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  • #2321562

    Stop error message in W2K

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    by casemaker ·

    Hi,
    I get this stop message when I boot.
    Stop: c0000221 (bad image checksum)
    The image olesvr32.dll is possibly corrupt. The header checksum does not match the computed hecksum.
    To my knowledge, Lotus 123 was recently loaded on this machine.
    How can I correct this.

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    • #3415875

      Stop error message in W2K

      by casemaker ·

      In reply to Stop error message in W2K

      I BOOTED INTO START OPTIONS AND TRIED TO GO INTO SAFE MODE, I GOT THE SAME ERROR MESSAGE

    • #3415825

      Stop error message in W2K

      by saihib ·

      In reply to Stop error message in W2K

      The following STOP message appears when a critical system file or other file needed to load Windows is corrupted:

      In Windows 2000 the error reads as follows:
      STOP: 0xC0000221 STATUS_IMAGE_CHECKSUM_MISMATCH \
      This error can appear in many different formats, ranging from a blue system error screen to a dialog box. The type of format depends on how much of the operating system was loaded when the corrupted file was detected.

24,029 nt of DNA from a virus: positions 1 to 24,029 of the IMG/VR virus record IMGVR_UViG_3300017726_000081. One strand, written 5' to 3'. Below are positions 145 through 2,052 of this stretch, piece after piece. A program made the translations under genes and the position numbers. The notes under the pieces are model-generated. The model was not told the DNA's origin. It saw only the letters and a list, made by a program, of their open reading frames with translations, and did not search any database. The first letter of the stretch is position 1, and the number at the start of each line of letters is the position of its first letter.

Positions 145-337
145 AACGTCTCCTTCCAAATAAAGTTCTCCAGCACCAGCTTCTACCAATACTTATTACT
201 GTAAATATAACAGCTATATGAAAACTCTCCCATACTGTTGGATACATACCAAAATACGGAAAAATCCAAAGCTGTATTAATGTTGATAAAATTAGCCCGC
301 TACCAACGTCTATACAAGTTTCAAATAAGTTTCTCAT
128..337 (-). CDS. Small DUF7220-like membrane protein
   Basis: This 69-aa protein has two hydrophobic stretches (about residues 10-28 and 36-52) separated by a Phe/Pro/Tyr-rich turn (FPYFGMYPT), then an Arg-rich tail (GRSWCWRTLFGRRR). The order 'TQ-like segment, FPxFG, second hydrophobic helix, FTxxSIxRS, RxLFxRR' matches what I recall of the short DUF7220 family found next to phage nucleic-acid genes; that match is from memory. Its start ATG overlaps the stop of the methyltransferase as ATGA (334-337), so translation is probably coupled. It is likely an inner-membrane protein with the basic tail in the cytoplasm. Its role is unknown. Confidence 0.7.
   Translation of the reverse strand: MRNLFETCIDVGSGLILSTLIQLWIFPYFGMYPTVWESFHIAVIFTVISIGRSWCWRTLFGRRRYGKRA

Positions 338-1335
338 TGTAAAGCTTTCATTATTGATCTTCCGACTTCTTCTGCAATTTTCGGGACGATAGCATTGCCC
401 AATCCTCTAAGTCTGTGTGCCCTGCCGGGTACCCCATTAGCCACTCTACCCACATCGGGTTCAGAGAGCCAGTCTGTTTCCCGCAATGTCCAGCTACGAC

CAUSE
      If you receive this error message, the file listed in the error message is corrupted.

      RESOLUTION
      To resolve this issue, you need to either obtain a new copy of the file or reinstall Windows. If reinstallation fails to solve the problem, a hardware or network problem mayexist.

    • #3415750

      Stop error message in W2K

      by curlergirl ·

      In reply to Stop error message in W2K

      It sounds like someone tried to load a version of Lotus that’s not compatible with Win2K and this file got corrupted. Usually Win2K is pretty good about being self-healing on these things, but someone probably selected the wrong option at the wrongtime and hosed it. You should be able to replace this file with a newly extracted one using the Win2K Recovery Console. If you’ve never used it, you might want to read up on it a bit before trying it – but it works great. Basically what it does is provide you with a boot environment to a command-line interface that allows you to manage files within the system folders. You need the administrator password and then boot your system with a Win2K CD or, if you have the recovery console pre-loaded on your machine, select it when booting. You’ll also need any manufacturer’s IDE or SCSI controller driver diskettes, if you have a 3rd party storage system. Then, you’ll need the Win2K CD also to get a fresh copy of the olesvr32.dll file to replace the damaged one. Hope this helps!

    • #3415722

      Stop error message in W2K

      by casemaker ·

      In reply to Stop error message in W2K

      This question was closed by the author

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